This year, while sales were up in the flooring industry, overall volume was down, but those higher flooring prices did not translate into healthier margins. Far from it. Those price increases passed on by manufacturers go part of the way toward mitigating increased raw material and operating costs, and the rest of it is absorbed along the chain, further thinning the margins of retailers, distributors, contract dealers and manufacturers. With the market so competitive, no one wants to risk losing clients because of the price tag of their products.
There are several legitimate reasons for increases in raw material costs. First there’s the rising cost of crude oil, and that sets the stage for large scale cost increases, including operating and transportation costs. Then there’s China and the other emerging markets, where demand is high, and that pushes up prices too. Refining and processing capacities are a big issue for the various polymers used in flooring, like PVC, nylon, PET, polypropylene and styrene butadiene (for latex and rubber production). Many of these, like nylon and PVC, rely on petroleum, while others, like PET, can be synthesized from byproducts of natural gas.
One of nylon 6,6’s problems is that the market for the key ingredient, adiponitrile, is dominated by only a handful of players—Invista, Ascend and Rhodia. The nylon 6 market, on the other hand, is wide open.
Polyester (PET) fiber has been storming the carpet market for the last few years, taking advantage of the more attractive cost proposition. PET is third, behind polyethylene and polypropylene, in global production, accounting for 18% of the market, and it’s produced from abundant byproducts, so the long-term prospects for PET costs look more attractive than nylon, at least for now.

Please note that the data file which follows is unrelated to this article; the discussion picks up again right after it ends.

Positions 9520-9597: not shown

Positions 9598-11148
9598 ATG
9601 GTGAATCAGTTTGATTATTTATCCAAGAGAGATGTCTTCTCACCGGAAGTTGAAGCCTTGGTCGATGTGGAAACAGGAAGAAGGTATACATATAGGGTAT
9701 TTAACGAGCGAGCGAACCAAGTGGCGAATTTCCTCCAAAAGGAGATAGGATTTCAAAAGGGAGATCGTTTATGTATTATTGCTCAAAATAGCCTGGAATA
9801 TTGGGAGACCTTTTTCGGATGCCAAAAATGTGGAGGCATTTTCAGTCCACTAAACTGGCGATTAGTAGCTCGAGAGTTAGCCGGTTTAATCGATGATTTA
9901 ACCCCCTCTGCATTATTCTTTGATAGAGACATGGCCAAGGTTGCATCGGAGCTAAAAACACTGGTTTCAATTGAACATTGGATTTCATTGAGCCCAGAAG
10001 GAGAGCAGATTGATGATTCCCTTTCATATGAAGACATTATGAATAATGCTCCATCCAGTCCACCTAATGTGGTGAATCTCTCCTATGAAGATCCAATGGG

Another common additive in flooring, particularly in vinyl, is titanium dioxide (TiO2), which is used as a whitening pigment—it’s heavily used in paints. These days it’s also being used in flooring, most notably in ceramic, as a photocatalyst that pulls impurities and emissions from the air. Over the last few years, demand has outpaced supply (capacity in Europe and the U.S. went down during the economic crisis, as several plants shut down), and since then Chinese producers of lower quality TiO2 have been gaining share. Prices have been rising by double digits for the last few years, and the situation is not expected to ease until 2015, according to industry experts.
The good news with respect to raw material price increases is that we seem to be in the middle of a lull. At least for now, polymer prices are expected to remain steady.